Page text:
Club News, July 1950


R. Wakeling has a 1906 “20/30” Renault with vast closed body. apparently in very fine order, even to the tapestry upholstery. According to the Nottingham Evening Post of May 17th, Donington wiIl not be de-requisitioned until 1952. T. R. Hendee, who recently took delivery of the ex-Barnato Le Mans Speed Six Bentley, was delighted with the efficient manner in which Evan Cook’s Packers, Ltd., crated it for its journey to America. J. R. F. Panton has acquired the ex-Whitney Straight Duesenberg and has carried out some “mods.” Lead-bronze big-ends and planed cast-iron heads now figure in the V8 Mercury engine installed by a previous owner and gaps in the h.t. leads to the Champion L.10 plugs have cured misfiring. A fore-and-aft gear-lever for the pre-selector box replaces the former finger-tip control and 6.00-19 front and 6.50-19 rear tyres replace the 7.00-19s. We look forward to seeing this imposing-looking car motoring really well, this year. Unless all the Amilcars there are keep on changing hands there exists an astonishing number–A. W. East has recently acquired a 1927 “Surbaisse.” Capt. Richard Zimbler seeks data and spares about a 1929 Salmson he has acquired. Its Reg. No. is MT 3477 and it is now a two-seater, but, is said to have once had a four-seater body, and rumour claims it as the car Casse drove in the 1929 “Double Twelve.” A Griffon carburetter is fitted, which is a new one on us! M. Meo progresses with his Salmson and has found a three-bearing, twin-plug “San Sebastian” engine. How’s the Salmson Register progressing, Radburn? Rumours from Cornwall speak of an air-cooled Rover twin, a two-cylinder Star and a Deemster waiting to be discovered. We have a confession to make—until the other day we had never read the Christian Science Monitor. But we now know it has W. Clifford Harvey as its Automobile Editor and in the issue of November 19th last year it had an illustrated article called “From Chug to Zip” about pioneer American cars! The B.R.M. has been getting much useful publicity, in Picture Post, the Sunday Express, etc. Meanwhile, roll on August 26th!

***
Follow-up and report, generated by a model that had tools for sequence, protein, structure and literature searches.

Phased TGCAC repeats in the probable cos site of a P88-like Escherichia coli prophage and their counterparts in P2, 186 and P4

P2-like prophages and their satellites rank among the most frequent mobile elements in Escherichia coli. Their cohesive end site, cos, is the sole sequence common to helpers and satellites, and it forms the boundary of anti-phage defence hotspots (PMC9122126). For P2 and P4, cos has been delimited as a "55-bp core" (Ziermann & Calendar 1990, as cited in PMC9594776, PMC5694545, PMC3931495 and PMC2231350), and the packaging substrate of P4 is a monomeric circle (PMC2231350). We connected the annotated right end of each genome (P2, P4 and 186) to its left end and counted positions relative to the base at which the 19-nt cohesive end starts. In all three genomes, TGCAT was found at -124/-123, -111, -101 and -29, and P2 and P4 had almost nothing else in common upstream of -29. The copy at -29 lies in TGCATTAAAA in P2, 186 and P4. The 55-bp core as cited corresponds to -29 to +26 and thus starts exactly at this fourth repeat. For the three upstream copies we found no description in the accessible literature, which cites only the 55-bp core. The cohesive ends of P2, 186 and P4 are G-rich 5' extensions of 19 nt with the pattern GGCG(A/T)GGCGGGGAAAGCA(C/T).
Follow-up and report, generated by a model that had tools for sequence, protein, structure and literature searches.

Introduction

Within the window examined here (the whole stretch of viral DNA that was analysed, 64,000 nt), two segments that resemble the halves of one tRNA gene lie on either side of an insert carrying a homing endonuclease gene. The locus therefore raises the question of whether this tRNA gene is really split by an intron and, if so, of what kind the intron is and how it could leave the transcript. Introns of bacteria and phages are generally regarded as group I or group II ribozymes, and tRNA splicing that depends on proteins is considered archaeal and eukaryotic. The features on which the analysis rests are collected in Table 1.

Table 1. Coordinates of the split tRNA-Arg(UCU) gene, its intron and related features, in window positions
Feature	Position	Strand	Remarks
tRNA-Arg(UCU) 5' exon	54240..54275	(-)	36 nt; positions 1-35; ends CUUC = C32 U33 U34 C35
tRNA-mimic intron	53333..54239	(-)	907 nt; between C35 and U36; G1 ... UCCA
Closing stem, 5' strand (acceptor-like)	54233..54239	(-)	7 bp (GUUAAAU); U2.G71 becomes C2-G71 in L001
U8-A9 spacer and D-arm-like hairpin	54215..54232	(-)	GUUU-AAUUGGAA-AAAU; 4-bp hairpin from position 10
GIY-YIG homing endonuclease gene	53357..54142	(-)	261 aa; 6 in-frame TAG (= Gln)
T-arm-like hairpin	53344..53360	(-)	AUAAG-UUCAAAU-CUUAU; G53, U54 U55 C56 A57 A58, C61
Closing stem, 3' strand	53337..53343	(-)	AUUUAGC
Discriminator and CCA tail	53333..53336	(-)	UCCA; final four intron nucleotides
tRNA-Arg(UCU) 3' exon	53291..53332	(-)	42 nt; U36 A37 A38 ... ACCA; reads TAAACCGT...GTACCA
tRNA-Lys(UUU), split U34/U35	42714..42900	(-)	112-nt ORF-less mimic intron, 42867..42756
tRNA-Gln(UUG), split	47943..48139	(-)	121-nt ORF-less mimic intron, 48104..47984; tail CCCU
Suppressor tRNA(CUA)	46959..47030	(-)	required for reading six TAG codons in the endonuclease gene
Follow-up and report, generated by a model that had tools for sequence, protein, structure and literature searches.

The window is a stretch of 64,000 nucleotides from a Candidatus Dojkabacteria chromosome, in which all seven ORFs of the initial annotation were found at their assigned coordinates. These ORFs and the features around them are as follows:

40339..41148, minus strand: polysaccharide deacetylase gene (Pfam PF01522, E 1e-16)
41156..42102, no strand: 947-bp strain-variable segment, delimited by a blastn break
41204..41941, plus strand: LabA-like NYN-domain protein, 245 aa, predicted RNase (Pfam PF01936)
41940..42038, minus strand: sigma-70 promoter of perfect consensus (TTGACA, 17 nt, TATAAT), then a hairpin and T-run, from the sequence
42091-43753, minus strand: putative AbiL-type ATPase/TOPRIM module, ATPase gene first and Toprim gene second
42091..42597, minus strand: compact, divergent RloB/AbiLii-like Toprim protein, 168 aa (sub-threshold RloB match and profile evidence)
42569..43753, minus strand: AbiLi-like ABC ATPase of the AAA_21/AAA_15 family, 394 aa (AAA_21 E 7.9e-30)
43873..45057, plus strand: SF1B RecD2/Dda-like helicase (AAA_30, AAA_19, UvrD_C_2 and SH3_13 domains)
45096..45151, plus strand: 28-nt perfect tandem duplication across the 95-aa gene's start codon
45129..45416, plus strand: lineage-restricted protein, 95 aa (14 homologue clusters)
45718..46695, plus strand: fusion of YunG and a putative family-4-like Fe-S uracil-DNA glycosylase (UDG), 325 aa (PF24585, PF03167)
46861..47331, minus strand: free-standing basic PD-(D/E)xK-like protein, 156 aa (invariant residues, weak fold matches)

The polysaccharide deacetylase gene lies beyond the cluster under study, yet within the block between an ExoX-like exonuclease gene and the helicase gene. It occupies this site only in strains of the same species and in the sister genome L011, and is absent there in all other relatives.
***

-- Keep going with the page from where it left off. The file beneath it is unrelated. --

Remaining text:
Lt. R. E. Dubber, R.N., has a 1927 Austin Twelve/Four saloon in splendid condition and K. H. Parker is overhauling the engine of a 1931 Swift Ten saloon and seeks servicing data.

Yet another 1922 touring G.N. has come to light, this one in Sussex. Its 70-year-old owner threatens to use it this summer, but if he doesn’t a younger enthusiast is all set to do so. What about another G.N. Reunion, Godfrey, with these G.N.s present? Or the B.A.R.C. might give us lots of fun by reverting for a day to Cyclecar Club status and having a rally of early small cars, say at the Hut Hotel, Wisley. Good idea, John Morgan?

Gerald Rose broadcast on the Gordon Bennett races on the B.B.C. Home Service on May 25th. Earlier that month the Nottingham Evening Post had an illustrated feature relating to a 1912 model-T Ford saloon which Lt. Atkinson proposes to use for a Swiss tour this summer. Princess Bhanubandh Birabongse has been granted a decree nisi in the Divorce Court against her husband, Prince Bbanutej Birabongse, otherwise “B. Bira.” At Easter A. S. Buller toured South Wales without trouble in a 1926 “14/40” Vauxhall two-seater. Amongst those who read the articles on the Hispano-Suiza, published in our May and June issues, with particular interest was Mr. Rossiter, who was English concessionaire for this make before and immediately after the Kaiser War.

The G.N. cult continues—and J. S. Preston enquires about the possibility of running one of these cars, perhaps with a J.A.P. engine, when he returns to this country from Rangoon this summer. Over in South Africa F. R. Fowler Brown has acquired the ex-Gerald Sumner Type 8A Corsica two-seater Isotta-Fraschini and hopes to rebuild it; he craves a handbook.

Comdr. D. J. L. Foster, R.N., was interested in the picture or the Targa Florio Mercedes we published last March, as he owns one of these cars. The original 2-litre engine was not available. So he substituted a blown single o.h.c. 1 1/2-litre Mercedes power unit; both engine and chassis are of about 1924 vintage. The body is a replica of that used in the Targa Florio. The car weighs about 16 1/2 cwt. and performs and handles although it, is rather undergeared, having a 3.91 to 1 axle ratio and 5.00-20 tyres. There is a rumour of a late-model O.M. rotting in a boat-yard at Hamble, of a 1906 Wolseley-Siddeley near Southampton, and of a complete four-cylinder Anzani-G.N. in Winchester. We swear we caught a fleeting glimpse of a Kissel Kar in the West End recently. Lt. D. C. Godfrey, R.N., has quite a programme ahead of him to celebrate the return of free petrol. He has bought a mechanically sound Lancia Lambda Weymann saloon, for £60 and is restoring its fabric, he has acquired a 1925-26 Super Sports A.B.C. with original V-screen, body, etc., while he is also due to take delivery of a Buckler frame to accommodate a Ford Ten engine and be endowed with ex-W.D. Standard i.f.s., Girling hydro-mechanical brakes, etc.